Just about a year ago I tossed out a standard normal distribution approximation in a tweet just for the fun factor. I ran across it recently and noticed I could make a couple of improvements. Per Vognsen thoughfully broke down the “how it works” in a pair of tweets:

BTW, an intuitive way to think about this is to remember that addition of random variables corresponds to convolution of their probability densities. So adding the two uniform variates is equivalent to box filtering the stair-stepped distribution twice.

— Per Vognsen March 20, 2020

## Baseline version

Before jumping into the improvements let’s take a look at an alternate approximation for comparison purposes. The super old skool method of approximating a normal distriubtion is to simply sum up a bunch of uniform distributions (so also central limit theorem based). Since our *population count* version draws two 64-bit uniform numbers let’s stick with that to keep the uniform draw cost the same.

As for the scaling value $K$ we need to include the factor to take our fixed-point integer to floating point which is $2^{-32}$. We can look up the variance for the sum of $n$ uniform values which is $\frac{n}{12}$ and the standard deviation is the square root of the variance. Since the standard normal distribution has a standard deviation of one we need an additional factor of the reciprocal of our sum’s standard deviation: $\sqrt{3} \approx 1.732051$. The value of $K$ in the code is different from this because I ran an optimization to *minimize the maximum error* (aka *minimax* for absolute error).

## Improved popcount version

The modified population count version:

There are three changes (marked as side comments):

- The triangle distribution uses a subtraction instead of addition. This makes it centered around zero which removes the final subtraction (-0.25f) in the original version. This reduces the dependency chain length by one.
- The original was (foolishly) designed to have no rounding when converting the integer to floating point. That’s a non feature here so the left shift has been adjusted up and the right shift is eliminated.
- In addition to nuking the subtraction (as per item 1) the scaling constant has been
*minimax*optimized like the*summation*method above.

So the cost of the transform is now ~9 primitive ops (dropping two) on 64-bit hardware with native popcount.

## 32-bit popcount version

In the case of hardware that either has 32-bit popcount (but not 64-bit) or the population count must be performed in software it seems worthwhile to toss out a variant for those cases. Adjust the centering of the triangle distribution and perform a search for a new scaling constant…done:

A sadface about the previous version is we’re tossing away 32 perfectly good random bits. It’ll cost us a couple of operations but we can instead use them as another convolution step:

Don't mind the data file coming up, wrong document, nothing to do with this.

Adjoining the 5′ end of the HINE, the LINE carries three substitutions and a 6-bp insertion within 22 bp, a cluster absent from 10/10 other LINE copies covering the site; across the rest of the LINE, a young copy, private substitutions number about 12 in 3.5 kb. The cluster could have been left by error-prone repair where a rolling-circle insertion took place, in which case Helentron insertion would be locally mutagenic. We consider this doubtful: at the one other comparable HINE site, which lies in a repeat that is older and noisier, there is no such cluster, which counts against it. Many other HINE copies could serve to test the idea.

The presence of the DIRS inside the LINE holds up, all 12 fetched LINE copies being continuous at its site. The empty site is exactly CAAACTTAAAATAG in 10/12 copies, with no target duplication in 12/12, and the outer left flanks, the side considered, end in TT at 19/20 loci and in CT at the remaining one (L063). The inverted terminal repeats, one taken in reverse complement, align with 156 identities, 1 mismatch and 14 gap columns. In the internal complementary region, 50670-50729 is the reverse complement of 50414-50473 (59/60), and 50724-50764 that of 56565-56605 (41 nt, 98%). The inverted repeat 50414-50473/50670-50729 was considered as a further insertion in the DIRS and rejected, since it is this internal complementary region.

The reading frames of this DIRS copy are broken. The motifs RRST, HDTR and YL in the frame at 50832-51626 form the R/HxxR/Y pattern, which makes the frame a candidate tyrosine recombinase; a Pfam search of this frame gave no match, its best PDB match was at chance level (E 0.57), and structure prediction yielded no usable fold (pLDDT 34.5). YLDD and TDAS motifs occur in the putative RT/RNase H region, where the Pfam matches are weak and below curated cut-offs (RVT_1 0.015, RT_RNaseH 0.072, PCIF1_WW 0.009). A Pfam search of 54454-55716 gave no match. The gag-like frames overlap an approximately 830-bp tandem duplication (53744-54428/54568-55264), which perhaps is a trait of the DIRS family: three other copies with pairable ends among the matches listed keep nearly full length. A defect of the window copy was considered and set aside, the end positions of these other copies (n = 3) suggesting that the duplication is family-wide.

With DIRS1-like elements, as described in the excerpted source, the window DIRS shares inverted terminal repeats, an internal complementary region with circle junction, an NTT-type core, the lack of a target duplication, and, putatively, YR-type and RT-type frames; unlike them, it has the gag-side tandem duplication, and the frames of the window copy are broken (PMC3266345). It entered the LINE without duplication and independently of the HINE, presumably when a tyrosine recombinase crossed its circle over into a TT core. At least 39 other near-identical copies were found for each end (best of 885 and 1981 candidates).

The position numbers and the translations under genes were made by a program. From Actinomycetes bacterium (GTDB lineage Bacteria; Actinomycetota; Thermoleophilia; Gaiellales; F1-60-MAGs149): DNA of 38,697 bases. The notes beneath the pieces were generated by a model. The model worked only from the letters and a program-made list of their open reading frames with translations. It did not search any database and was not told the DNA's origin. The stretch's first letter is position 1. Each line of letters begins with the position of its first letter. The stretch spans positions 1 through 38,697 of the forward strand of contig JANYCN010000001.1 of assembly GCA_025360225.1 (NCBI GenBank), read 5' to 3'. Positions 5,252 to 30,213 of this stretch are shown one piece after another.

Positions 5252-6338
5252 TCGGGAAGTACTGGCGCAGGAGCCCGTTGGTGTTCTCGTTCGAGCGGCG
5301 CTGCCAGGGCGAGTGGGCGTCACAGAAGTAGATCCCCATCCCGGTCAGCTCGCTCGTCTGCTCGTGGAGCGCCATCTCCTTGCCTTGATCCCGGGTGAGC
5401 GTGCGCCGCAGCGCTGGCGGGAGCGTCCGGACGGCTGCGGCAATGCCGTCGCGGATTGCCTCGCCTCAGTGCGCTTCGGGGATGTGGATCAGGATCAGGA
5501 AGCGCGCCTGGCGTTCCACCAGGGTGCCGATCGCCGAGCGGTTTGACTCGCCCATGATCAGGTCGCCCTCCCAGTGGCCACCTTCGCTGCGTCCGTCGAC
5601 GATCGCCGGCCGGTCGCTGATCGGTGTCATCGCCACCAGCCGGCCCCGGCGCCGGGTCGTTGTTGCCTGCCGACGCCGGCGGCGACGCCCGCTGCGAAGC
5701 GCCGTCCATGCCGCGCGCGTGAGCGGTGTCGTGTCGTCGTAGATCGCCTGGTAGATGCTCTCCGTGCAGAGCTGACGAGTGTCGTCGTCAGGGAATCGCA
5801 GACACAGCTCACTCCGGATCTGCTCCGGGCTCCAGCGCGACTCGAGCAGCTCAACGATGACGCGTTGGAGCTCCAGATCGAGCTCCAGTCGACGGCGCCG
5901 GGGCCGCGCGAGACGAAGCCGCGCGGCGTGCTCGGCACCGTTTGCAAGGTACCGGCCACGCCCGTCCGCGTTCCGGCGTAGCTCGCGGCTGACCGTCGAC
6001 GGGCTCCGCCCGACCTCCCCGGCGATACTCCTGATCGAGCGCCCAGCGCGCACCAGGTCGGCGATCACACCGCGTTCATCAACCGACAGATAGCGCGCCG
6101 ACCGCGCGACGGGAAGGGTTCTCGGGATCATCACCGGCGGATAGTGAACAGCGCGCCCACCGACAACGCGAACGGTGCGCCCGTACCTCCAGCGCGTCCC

Won Chun tweeted an interesting alternate. Instead of using the spare 32-bits as an additional uniform instead create a second binomial distribution.

EDIT: Saying a second binomial distribution is rather awkward on my part since summing any $n$ bits is a single binomial distribution.

## Comparisons and comments

Let me first state that the summation method is probably sufficient for most “horseshoes and handgrenades” usages. The *“Encyclopedia of Mathematics”* goes so far to say: “the approximation for $n=3$ is already satisfactory for many practical purposes”.

The most commonly used method to generate a normal distribution is to use the Box-Muller transform which generates two uniform random numbers and transforms with a logarithm, square root and a sin/cos pair to produce two results.

Although the scaling constants have been optimized they are not optimal. My search/testing method was a fast hack. They are, however, nearly optimal (famous last words) because the peak errors of each swing nearly to the same peak values.

The plots of the produced distributions (The plots are interactive. Notiably click on name in legend to toggle being displayed):

and the absolute error plots:

method | ops | range | error |
---|---|---|---|

box-muller | – | $\pm5.768108 / \pm8.571674$ | – |

sum | 8 | $\pm3.4172022$ | $8.898866 \times 10^{-3}$ |

pop | 9 | $\pm8.1768640$ | $9.249441 \times 10^{-4}$ |

pop32wc | 12 | $\pm6.455824$ | $1.022137\times 10^{-3}$ |

pop32x | 12 | $\pm4.611270$ | $1.391753 \times 10^{-3}$ |

pop32 | 10 | $\pm6.079518$ | $2.213490 \times 10^{-3}$ |

- ops is the number of CPU operations ops needed for the transform on x64 (for spitballing only)
- range is the range of the output values. The Box-Muller numbers are for single/double precision respectively.
- error is peak absolute error